I swear there is no part of the Node ecosystem that isn’t a flaming tire fire. Does anyone ever design anything before implementing it anymore?
Try this example:
- NPM is a package manager. But you can’t install packages from local source (i.e., on this computer) in older versions because NPM was only really designed to work with a single remote repository. (New versions at least let you add multiple remote repositories, as a somewhat hacky extension.)
- There’s a
workaround hackfeature called npm link that lets you set up a symbolic link — a pointer — to a local package. It doesn’t work like a standard link command, so you’ll have some relearning to do if you want to use it.
- But nevermind that learning, because npm link has no shortage of problems and bugs and failings and workarounds and workarounds to the workarounds. Also, it has disastrous data-destroying bugs on Windows.
- But nevermind the bugs, because it’s not compatible with the normal npm install commands anyway, so the one use case you’ll have for it — installing packages from a local directory to make sure your design works — isn’t really usable with it anyway.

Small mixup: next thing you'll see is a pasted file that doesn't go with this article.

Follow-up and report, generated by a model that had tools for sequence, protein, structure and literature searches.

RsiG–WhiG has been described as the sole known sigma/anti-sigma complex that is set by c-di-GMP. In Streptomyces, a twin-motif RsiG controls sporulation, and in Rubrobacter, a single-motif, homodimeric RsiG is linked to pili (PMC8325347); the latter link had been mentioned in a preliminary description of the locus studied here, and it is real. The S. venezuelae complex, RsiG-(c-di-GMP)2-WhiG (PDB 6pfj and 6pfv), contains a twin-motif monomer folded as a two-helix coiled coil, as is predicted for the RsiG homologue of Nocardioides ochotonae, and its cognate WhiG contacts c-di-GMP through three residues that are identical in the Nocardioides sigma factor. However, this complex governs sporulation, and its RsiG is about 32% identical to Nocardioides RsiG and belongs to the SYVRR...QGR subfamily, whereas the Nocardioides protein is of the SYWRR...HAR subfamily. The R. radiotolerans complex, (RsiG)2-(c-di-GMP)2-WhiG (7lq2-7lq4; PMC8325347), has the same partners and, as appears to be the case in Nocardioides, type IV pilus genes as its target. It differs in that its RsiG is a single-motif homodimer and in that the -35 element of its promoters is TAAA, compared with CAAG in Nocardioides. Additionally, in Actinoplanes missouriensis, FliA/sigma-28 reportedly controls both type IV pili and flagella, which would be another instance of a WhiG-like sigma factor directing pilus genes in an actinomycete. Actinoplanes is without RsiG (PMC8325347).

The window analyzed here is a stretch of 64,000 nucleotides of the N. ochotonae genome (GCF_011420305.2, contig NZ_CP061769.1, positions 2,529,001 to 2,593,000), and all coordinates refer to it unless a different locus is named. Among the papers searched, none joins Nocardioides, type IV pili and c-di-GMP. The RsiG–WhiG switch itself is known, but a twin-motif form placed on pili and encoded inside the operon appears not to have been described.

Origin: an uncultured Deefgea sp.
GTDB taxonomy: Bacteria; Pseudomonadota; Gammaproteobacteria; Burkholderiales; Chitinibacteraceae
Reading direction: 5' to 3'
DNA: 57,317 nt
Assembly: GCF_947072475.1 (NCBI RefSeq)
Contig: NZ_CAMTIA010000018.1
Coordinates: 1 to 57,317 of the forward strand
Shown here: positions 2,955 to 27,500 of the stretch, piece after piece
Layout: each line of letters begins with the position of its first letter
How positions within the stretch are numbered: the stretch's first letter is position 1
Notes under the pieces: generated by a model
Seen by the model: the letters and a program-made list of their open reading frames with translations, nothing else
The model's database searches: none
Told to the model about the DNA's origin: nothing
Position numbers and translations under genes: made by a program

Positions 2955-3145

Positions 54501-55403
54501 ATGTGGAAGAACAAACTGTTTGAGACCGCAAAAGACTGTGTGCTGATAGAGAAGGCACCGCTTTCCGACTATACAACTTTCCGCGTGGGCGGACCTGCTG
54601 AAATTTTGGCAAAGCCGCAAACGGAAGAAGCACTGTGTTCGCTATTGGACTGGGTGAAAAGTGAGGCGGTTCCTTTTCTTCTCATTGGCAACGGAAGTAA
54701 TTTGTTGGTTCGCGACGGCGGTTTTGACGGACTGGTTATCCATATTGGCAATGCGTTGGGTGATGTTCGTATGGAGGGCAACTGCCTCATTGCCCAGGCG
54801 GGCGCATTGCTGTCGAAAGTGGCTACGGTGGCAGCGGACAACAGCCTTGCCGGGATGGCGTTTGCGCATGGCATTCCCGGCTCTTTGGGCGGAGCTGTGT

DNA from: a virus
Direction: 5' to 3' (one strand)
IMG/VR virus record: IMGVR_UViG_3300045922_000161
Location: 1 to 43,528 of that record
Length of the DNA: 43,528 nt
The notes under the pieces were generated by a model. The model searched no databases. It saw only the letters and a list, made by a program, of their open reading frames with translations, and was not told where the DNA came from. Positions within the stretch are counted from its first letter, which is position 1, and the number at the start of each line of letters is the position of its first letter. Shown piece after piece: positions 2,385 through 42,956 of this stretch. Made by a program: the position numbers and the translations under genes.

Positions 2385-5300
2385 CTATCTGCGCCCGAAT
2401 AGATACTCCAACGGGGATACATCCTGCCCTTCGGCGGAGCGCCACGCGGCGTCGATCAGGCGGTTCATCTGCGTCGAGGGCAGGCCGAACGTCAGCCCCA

None of that would have been an issue with a little more advance thinking and a little less advance typing. Two small design changes early on — (1) allow multiple repositories to be listed in .npmrc and check them in order, and (2) allow the file:// protocol to point to a local directory of .zip files or tarballs as a repository — would have been enough to obviate all of this. NPM scopes, link, yalc, lerna, and a dozen other things built on top of the initial bad design would have been completely unnecessary.
But, no, can’t spend time on that! — you gotta move fast, be first, break things, change the paradigm, own the market, declare your IPO, and retire like a king. Never, ever design or plan anything, because that takes too long! Just shove something barely-passable out the door, and if enough people use it, make a slightly better layer on top to hide the roughest parts, and then if that gets used, another on top of that, and after enough layers, you might not even notice the sand you built on. After all, when you’re changing the world, who cares if anything actually works?